Immune checkpoint inhibitors are an immunotherapeutic strategy that activates the immune system to modulate the immune response to cancer [41][20]. This occurs through the stimulation of the innate and adaptive immune systems, with the main focus on the activation of T cells.

Programmed death-1 (PD-1) is an immune checkpoint protein that is activated by its ligand PD-L1 and is expressed by activated T cells [45][21]. PD-L1 is a membrane protein that is expressed on immune and tumour cells and inactivates T cells by inducing programmed cell death via heterodimer formation with CD80 [46,47][22][23]. Overexpression of PD-L1 has been detected in several cancers, including PDAC, and this overexpression is associated with advanced tumour stage and, therefore, a poorer prognosis for patients [45,48][21][24]. PD-L1 blockade alone has been shown to display minimal inhibition in PDAC and, therefore, is not regarded as a sufficient therapeutic target alone. This could be due to the non-immunogenic nature of PDAC or immunosuppression due to the high tumour burden [45][21].

Due to the poor success of immune checkpoint inhibitor monotherapy in PDAC, potential combination therapies are being sought to improve its efficacy. Cancer Forkhead box protein 3 (cFOXP3) is an upregulated protein in PDAC and plays a vital role with regulatory T cells and immune evasion in cancer [49][25]. It achieves this through the recruitment of cFOXP3 positive regulatory T cells to the site of malignancy via upregulation of C–C chemokine ligand 5 (CCL5). PD-L1 expression in PDAC has been shown to coexist with regulatory T-cell infiltration of tumours. This suggests a possible link between PD-L1 and cFOXP3 expression [49][25].

32.2.2. Monoclonal Antibodies

The four main mechanisms of action of monoclonal antibodies are outlined in Figure 2C. There are several studies on monoclonal antibodies that could potentially bring new targeted therapies to the forefront of PDAC treatment and improve patient prognosis [5][26]. In a study investigating monoclonal antibody pairs and their effect on monolayer BxPC-3 cells and CD1 nude mice injected with BxPC-3 cells, it was found that two strategies worked to combat PDAC in this animal model [5][26]. The first strategy was the combination of two antibodies which were both specific to either epidermal growth factor receptor (EGFR) or HER2. This was described as a homo-combination of antibodies. The second was the combination of antibodies consisting of a pair of antibodies, one to EGFR and the other to HER2. This was described as a hetero-combination of antibodies. The homo-combination of antibodies yielded better results than the hetero-combinations at carrying out anticancer effects via the degradation of their respective receptor [5][26].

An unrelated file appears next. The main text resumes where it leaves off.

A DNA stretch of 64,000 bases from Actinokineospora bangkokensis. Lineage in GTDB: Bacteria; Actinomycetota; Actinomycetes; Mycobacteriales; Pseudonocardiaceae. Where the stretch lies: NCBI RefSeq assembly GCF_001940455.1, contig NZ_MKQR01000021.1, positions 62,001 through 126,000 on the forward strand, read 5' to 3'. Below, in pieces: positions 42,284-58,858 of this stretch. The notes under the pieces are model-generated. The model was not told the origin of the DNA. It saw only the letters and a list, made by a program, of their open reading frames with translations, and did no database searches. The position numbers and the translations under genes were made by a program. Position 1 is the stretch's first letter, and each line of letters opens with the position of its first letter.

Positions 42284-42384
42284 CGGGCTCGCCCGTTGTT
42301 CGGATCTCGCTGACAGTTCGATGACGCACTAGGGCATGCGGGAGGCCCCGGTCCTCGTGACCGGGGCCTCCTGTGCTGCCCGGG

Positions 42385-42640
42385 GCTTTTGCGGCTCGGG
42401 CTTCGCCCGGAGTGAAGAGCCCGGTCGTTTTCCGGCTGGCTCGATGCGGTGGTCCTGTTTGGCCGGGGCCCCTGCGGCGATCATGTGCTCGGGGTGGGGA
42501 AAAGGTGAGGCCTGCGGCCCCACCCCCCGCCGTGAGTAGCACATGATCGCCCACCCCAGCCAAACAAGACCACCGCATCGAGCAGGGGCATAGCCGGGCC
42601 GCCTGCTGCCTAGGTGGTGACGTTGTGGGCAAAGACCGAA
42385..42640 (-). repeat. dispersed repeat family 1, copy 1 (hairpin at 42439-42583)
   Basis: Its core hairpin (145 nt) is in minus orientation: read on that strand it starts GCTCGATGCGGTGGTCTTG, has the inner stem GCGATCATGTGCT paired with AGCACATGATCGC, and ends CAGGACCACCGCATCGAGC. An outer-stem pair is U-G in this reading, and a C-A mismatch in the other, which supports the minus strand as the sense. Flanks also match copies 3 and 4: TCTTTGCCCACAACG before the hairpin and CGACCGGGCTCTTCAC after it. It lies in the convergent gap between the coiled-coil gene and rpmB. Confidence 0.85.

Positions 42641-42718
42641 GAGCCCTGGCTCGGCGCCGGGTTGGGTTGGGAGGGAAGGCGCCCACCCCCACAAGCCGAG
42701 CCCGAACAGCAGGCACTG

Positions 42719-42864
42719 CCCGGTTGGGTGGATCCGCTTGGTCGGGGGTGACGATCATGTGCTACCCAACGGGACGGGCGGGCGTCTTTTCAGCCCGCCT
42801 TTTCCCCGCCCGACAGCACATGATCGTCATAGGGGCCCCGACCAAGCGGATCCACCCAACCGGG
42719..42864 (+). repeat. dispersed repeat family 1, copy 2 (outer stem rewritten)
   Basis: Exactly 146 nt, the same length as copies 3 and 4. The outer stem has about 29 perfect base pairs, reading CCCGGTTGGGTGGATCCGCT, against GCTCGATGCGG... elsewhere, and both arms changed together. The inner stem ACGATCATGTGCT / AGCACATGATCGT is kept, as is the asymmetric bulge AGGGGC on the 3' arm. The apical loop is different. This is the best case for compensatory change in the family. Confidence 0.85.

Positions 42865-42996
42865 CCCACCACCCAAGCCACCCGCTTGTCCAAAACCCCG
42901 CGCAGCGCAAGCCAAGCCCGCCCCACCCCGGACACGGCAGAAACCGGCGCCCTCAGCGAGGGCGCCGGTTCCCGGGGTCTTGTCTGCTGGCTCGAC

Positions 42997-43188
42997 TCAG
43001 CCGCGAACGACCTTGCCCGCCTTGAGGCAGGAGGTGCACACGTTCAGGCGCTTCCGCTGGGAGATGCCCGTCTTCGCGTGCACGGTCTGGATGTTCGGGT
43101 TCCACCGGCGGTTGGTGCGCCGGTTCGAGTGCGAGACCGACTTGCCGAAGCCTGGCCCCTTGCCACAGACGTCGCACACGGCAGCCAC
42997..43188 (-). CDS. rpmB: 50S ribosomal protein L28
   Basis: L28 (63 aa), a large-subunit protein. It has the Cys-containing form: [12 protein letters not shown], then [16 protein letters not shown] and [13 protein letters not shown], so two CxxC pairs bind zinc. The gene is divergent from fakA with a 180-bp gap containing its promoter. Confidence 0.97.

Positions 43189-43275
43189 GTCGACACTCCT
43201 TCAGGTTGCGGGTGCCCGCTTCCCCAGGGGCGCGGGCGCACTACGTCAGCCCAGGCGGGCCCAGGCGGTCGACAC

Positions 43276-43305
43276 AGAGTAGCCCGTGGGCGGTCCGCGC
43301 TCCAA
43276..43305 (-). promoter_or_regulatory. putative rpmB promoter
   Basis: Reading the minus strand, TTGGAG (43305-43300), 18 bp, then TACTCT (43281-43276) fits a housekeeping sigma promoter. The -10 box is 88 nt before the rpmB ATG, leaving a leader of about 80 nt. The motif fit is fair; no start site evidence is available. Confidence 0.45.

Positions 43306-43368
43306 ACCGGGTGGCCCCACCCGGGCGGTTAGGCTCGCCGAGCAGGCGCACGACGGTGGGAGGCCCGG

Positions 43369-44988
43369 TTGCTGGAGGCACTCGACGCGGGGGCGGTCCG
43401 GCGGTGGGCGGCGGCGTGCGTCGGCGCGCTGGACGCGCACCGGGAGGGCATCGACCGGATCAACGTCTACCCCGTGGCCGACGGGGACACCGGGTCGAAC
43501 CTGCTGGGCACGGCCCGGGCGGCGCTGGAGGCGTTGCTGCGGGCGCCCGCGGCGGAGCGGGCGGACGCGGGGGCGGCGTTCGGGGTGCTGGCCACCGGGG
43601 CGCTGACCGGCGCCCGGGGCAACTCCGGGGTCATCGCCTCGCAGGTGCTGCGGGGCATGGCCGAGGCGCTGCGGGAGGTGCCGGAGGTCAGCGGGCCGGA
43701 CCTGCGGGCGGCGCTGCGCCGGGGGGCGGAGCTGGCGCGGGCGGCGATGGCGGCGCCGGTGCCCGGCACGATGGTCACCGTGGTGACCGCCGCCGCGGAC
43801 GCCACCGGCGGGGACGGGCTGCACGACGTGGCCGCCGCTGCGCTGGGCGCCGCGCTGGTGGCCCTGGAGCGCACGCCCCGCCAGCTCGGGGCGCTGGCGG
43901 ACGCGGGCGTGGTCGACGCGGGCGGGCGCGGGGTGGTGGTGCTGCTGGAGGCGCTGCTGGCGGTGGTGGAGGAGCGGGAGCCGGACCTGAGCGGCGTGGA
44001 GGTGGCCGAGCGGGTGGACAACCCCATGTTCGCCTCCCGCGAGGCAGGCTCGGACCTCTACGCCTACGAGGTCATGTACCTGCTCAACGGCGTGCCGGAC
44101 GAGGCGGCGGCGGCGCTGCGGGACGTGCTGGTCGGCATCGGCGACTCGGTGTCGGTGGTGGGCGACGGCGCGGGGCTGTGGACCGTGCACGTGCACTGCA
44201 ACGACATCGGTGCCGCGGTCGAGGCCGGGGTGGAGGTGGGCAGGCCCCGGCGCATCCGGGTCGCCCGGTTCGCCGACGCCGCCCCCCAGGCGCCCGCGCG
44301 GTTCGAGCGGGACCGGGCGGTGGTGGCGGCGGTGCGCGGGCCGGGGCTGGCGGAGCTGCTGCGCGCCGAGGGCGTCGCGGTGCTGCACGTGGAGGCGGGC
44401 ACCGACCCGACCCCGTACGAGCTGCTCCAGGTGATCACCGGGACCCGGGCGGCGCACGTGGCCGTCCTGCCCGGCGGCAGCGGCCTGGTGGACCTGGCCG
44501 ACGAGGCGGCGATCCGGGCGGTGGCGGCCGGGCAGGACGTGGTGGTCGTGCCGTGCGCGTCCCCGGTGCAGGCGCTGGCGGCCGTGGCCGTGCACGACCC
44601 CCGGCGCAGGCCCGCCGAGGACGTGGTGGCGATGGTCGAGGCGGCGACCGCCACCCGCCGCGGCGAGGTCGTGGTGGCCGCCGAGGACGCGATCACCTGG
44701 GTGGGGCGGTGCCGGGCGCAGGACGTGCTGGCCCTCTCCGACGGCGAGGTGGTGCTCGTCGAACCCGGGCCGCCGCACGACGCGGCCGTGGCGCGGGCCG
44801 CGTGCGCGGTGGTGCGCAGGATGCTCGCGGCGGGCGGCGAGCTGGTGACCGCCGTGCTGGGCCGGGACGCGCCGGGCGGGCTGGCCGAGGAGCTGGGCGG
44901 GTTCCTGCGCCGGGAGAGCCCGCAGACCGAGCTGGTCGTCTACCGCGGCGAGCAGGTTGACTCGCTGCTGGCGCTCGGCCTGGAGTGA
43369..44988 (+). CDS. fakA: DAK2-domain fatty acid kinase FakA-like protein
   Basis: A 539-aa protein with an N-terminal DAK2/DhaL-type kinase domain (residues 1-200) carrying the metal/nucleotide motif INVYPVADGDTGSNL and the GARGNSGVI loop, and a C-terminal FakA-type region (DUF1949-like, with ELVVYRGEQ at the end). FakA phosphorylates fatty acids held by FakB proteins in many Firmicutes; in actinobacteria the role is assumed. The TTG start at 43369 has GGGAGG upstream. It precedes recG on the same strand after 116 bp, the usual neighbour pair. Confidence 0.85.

32.2.3. Adoptive Cell Transfer

Adoptive cell transfer is the transfer of immune cells into a patient as a form of therapy to improve the patient’s immune system. The use of natural killer cells as a form of adoptive cell transfer therapy has recently become a point of interest in the field of immunotherapy [56][27]. This is due to their ability to target and eliminate tumour cells via cytotoxic mechanisms and the role they play in inducing an adaptive immune response. In the pre-cancerous stages of PDAC, there is a loss of natural killer cells due to mutations in KRAS. This could be due to their involvement in the initiation and progression of PDAC.

32.2.4. Therapeutic Vaccination

Any tumour cells remaining post-surgery/treatment could lead to a relapse of the PDAC tumour [57][28]. Therefore, vaccination yields a possible approach to target remnant tumour cells via activation of the immune system toward tumour-associated antigens. The whole tumour cell lysate was utilised by processing murine PDAC tumour membranes to enable them to be opsonised by naturally occurring human IgG antibodies [57][28]. This can stimulate the immune system to target tumour associated antigens, in this case, galactose-alpha-1,3-galactose (α-gal). An immune response was mounted against the PDAC tumour lysate vaccine, resulting in antitumour properties in murine models. A statistically significant median OS was observed with mice treated with PDAC tumour lysate and α-gal of 95.0 days (95% CI, 69–95), compared with the untreated control mice of 40.0 days (95% CI, 35–45) (p < 0.01). This shows a potential route of treatment for PDAC which could be utilised in the future [57][28].

3.3. Ongoing Clinical Trials

2.3. Ongoing Clinical Trials

At present, there are a plethora of clinical trials recruiting patients that involve the treatment of PDAC. Many of these studies involve the utilisation of immunotherapies, in particular, monoclonal antibodies in combination with another form of therapy such as conventional chemotherapy. An example of this is a sstudy currently recruiting in the Cancer Centre at Johns Hopkins University which aims to determine the effects of pembrolizumab which could be given in combination with defactinib in patients with resectable PDAC as a form of neoadjuvant or adjuvant therapy [50][29]. Pembrolizumab is a monoclonal antibody directed towards PD-1, and this may or may not be administered intravenously alongside defactinib, a focal adhesion kinase inhibitor. Focal adhesion kinase is a non-receptor tyrosine kinase that is involved in cell scaffolding and signalling at the sites of integrin clustering on the cell membrane [59][30]. The effects of these drugs will be determined in combination with standard neoadjuvant and adjuvant chemotherapy regimens such as gemcitabine [50][29]. This sItudy will determine if the tumour microenvironment can be reprogrammed via targeting focal adhesion kinase post-chemotherapy and, therefore, potentiate anti-PD-1 effects to halt cancer progression [50][29].